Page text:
Magazine Poland

Was Christopher Columbus Polish?

Was Christopher Columbus Polish? This is what believes Manuel Rosa, an amateur Portuguese historian, who claims that the man who sailed for the New World in 1492 was not of Genoese origin, as is commonly believed, but the son of 15th-century Polish King Władysław III.

The exact origin of Christopher Columbus has been a source of speculation since the 19th century, with many different theories suggesting that Columbus did not come from Genoa, but that he was in fact Catalan, Jewish, Portuguese or even Scottish.

In his controversial book “COLON. La Historia Nunca Contada” (COLUMBUS. The Untold Story), published in 2009, Manuel Rosa, an employee at Duke University who spent twenty years investigating the matter, argues that Columbus was in fact a royal prince, son of a Portuguese noble lady and of exiled Polish King Władysław III.

Son of the great Polish king Władysław Jagiełło, who defeated the Teutonic Order in the famous battle of Grunwald and ruled over a mighty empire that ranged from the Baltic to the Black Sea, Władysław III is widely believed to have died in 1444 at the hands of the Ottomans at the Battle of Varna.

But according to a Portuguese legend, Władysław III survived the Battle of Varna and journeyed in secrecy to the Holy Land where he became a knight of Saint Catharine of Mount Sinai, before settling on the Portuguese island of Madeira. King Afonso V of Portugal would have even granted him lands on the island, where he lived incognito as Henrique Alemão – Henry the German – and married a Portuguese noble lady.

After studying countless accounts and documents about Columbus, Manuel Rosa not only maintains that Władysław III survived the Battle of Varna and settled on Madeira, but also that he had a son there, the great Genoese navigator himself, who whould thus be of royal Polish descent.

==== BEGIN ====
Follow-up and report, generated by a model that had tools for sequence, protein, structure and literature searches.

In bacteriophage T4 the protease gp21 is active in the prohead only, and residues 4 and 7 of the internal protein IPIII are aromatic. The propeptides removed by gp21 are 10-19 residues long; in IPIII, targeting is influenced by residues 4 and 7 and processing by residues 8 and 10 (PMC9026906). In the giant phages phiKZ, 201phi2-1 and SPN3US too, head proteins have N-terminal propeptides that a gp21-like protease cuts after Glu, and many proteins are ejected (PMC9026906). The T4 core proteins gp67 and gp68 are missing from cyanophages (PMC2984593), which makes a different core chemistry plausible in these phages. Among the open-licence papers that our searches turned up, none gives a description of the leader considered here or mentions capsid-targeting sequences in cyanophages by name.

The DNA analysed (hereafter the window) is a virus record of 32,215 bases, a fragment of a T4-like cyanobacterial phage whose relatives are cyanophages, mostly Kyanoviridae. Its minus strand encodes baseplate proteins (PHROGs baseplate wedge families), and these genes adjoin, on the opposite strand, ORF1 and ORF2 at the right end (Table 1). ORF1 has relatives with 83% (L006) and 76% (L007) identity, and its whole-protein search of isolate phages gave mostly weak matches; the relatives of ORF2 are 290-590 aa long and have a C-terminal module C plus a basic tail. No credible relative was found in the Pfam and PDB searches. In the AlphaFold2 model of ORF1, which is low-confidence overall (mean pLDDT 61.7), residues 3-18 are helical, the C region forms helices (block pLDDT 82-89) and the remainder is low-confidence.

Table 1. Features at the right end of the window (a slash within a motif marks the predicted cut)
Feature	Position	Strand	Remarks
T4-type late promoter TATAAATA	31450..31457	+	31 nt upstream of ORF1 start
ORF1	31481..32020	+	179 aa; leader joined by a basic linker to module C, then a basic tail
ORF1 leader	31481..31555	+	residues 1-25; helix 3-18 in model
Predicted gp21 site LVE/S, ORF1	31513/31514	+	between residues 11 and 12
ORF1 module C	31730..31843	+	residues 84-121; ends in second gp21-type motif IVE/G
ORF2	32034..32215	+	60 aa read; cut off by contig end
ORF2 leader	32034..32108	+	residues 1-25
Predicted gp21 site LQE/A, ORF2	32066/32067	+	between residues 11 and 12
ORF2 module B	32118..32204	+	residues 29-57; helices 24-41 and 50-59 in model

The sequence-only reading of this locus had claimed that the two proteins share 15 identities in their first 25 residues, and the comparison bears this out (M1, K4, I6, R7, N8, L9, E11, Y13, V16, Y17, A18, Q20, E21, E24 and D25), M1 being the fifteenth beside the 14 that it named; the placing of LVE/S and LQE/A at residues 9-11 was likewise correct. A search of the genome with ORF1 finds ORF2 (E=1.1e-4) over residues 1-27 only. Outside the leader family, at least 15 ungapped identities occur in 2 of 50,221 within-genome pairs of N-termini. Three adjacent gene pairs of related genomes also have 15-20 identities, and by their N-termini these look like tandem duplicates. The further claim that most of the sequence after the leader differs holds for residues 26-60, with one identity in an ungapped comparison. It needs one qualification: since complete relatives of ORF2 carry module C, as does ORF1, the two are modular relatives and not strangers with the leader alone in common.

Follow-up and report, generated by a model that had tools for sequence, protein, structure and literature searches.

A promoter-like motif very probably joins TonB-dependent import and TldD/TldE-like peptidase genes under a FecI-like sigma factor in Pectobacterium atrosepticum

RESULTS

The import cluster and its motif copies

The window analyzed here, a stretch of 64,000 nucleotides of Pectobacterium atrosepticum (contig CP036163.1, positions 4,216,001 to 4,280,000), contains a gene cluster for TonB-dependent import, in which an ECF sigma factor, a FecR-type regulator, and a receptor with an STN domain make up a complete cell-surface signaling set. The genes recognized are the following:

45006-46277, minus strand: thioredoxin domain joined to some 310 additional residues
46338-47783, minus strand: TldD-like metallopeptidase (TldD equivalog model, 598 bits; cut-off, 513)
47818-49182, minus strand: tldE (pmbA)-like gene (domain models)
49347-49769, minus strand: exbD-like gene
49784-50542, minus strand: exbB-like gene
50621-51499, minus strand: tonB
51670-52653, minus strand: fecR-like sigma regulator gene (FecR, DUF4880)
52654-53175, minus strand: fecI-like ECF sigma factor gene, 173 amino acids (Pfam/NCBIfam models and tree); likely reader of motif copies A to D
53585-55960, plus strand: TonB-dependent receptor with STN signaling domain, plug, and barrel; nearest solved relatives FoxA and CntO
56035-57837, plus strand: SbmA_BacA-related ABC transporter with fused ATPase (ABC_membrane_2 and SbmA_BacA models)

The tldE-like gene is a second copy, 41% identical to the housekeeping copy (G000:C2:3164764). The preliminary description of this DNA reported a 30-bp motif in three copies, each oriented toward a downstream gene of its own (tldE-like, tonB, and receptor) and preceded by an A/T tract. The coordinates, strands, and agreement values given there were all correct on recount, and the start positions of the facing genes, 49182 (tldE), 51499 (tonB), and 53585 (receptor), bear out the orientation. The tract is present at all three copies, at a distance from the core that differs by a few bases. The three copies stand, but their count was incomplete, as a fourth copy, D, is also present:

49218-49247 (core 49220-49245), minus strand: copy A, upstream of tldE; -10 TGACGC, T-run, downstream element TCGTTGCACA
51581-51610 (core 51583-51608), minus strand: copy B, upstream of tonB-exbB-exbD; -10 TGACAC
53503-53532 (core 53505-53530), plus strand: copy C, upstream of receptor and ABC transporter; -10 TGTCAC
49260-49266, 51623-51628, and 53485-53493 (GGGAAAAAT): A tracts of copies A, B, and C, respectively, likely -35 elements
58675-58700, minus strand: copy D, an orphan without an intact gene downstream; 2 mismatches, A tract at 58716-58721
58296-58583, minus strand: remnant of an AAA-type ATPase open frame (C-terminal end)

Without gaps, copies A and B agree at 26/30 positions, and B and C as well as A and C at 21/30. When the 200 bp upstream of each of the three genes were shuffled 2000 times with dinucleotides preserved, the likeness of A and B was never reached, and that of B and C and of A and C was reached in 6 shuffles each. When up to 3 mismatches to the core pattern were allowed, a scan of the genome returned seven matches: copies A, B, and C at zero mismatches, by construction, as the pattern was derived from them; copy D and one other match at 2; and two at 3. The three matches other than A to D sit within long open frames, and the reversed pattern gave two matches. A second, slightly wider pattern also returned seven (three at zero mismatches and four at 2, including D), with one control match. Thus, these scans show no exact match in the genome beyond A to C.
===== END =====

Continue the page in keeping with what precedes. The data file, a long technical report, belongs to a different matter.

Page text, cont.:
“The courts of Europe knew who he was and kept his secret for their own reasons,” Rosa explains in an interview with the Daily Telegraph. “Our whole understanding of Christopher Columbus has for 500 years been based on misinformation. We couldn’t solve the mystery because we were looking for the wrong man, following lies that were spread intentionally to hide his true identity.”

The death of king Wladyslaw III at Varna, 1865-1875. Artist: Stanislav Khlebovsky

Although seemingly far-fetched, Rosa’s dubious-sounding claim has some pretty substantial backing with several historians based at the University of Lisbon agreeing with his findings.

Manuel Rosa notably found that the original coat of arms of Christopher Columbus and of Segismundo Henriques, the son of Henrique Alemão, who did actually live in Madeira, both had had gold anchors on a blue background, which resembles the golden double cross on a blue background used by rulers of the House of Jagiełło, Władysław III among them.

Rosa also points to the fact that the 16th century descendants of Henrique Alemão were officially acknowledged as being descended from royal Polish lineage by the Spanish royal court, which coincides with a 1472 letter sent by a Franciscan monk from Portugal to the grand master of the Teutonic Order, in which the author writes that he’s seen Władysław III on Madeira.

Rosa’s theory also helps explain the fact that Columbus was married to a high noble Portuguese lady long before he became famous, and that he had direct access to four European courts, which is hardly the life of a Genoese peasant. 

Rosa is now hoping that Polish authorities will open the tomb of King Władysław II in Kraków, so he could obtain a DNA sample of the monarch to compare that with research on people with the surname Columbus…

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